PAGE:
29 September 2004 Co-axial joint technology applied to antenna backup structures
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The increasing demand to improve focusing accuracy and to accommodate higher frequencies in space communications and radio astronomy has created significant challenges for improving the capability of the constituent systems in radio antennas and telescopes. One important system is the radio antenna/telescope backup structure connections. The backup structure is a key element in providing a stable, precise and rigid support for the reflective surface. The ideal connection for these types of structures is rigid and concentric resulting in minimal deformation with stress/strain curves that are linear, repeatable and exhibiting no hysteresis over the entire service load range. Conceivably such a connection could be designed so that the stress/strain curve mimics the stress/strain characteristics of the connecting member in both tension and compression. When this is achieved then such joints can be said to be "invisible" in the global behavior of the backup structure. At that point, overall reflector deflection becomes more linear and highly predictable. In conjunction with this advantage, optimized backup structure geometries, adaptive reflectors and compensating algorithms can best be applied in producing an instrument of unparalleled performance. This paper introduces Co-Axial Joint (CAJ) technology as the practical and economical means to produce an invisible connection.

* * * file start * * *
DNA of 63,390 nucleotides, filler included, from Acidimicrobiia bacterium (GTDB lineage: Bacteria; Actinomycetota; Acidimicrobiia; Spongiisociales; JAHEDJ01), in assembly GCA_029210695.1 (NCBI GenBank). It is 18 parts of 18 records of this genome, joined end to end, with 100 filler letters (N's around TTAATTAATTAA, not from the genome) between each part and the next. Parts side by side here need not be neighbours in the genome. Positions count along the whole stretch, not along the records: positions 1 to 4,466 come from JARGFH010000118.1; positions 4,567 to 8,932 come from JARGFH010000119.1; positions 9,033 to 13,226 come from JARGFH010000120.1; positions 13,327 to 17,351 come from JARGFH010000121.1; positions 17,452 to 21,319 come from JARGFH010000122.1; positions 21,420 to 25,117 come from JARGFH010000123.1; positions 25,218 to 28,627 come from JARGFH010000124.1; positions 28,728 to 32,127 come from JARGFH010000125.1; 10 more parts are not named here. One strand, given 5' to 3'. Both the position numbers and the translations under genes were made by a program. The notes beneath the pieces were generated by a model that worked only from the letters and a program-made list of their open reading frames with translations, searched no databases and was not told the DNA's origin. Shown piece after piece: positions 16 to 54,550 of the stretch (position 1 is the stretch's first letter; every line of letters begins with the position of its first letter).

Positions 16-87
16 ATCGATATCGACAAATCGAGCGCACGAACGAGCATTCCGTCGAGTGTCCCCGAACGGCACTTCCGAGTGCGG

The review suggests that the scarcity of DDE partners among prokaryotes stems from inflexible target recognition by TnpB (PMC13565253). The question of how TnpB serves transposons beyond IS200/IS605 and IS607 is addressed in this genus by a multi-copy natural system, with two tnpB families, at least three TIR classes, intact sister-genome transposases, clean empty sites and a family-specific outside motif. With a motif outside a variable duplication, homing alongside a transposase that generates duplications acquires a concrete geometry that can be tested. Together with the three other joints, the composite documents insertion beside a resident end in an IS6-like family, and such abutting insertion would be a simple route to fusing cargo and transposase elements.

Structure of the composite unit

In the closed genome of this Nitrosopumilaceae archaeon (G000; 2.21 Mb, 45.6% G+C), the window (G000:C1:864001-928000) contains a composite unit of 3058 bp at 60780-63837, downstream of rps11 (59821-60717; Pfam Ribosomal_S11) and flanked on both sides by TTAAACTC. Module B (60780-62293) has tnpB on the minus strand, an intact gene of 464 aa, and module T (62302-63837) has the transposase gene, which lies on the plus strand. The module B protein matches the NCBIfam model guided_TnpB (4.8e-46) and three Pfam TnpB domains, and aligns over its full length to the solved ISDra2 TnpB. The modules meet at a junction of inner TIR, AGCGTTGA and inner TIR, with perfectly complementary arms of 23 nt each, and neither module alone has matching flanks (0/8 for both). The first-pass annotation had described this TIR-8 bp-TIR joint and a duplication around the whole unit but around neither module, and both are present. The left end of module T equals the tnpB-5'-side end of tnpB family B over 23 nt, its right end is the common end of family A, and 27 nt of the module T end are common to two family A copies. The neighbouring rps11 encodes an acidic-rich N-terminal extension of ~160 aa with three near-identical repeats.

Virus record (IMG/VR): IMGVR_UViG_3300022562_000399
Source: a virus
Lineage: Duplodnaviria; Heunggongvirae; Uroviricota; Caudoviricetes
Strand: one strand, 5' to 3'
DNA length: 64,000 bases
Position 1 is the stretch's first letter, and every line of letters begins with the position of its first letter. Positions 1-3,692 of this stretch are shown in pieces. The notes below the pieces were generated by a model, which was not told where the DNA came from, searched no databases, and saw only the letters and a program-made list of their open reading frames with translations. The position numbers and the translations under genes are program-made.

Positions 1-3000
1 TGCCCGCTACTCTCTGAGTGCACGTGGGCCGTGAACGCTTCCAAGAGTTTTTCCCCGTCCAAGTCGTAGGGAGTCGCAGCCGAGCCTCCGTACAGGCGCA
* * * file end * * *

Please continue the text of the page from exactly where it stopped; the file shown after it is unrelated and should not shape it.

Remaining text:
© (2004) COPYRIGHT Society of Photo-Optical Instrumentation Engineers (SPIE). Downloading of the abstract is permitted for personal use only.
Glenn A. Reynolds, V. Alfonso Feria, Gary Noble Curtis, Dean Robert Hackbarth, Asim Sehic, "Co-axial joint technology applied to antenna backup structures", Proc. SPIE 5495, Astronomical Structures and Mechanisms Technology, (29 September 2004); doi: 10.1117/12.551740; https://doi.org/10.1117/12.551740


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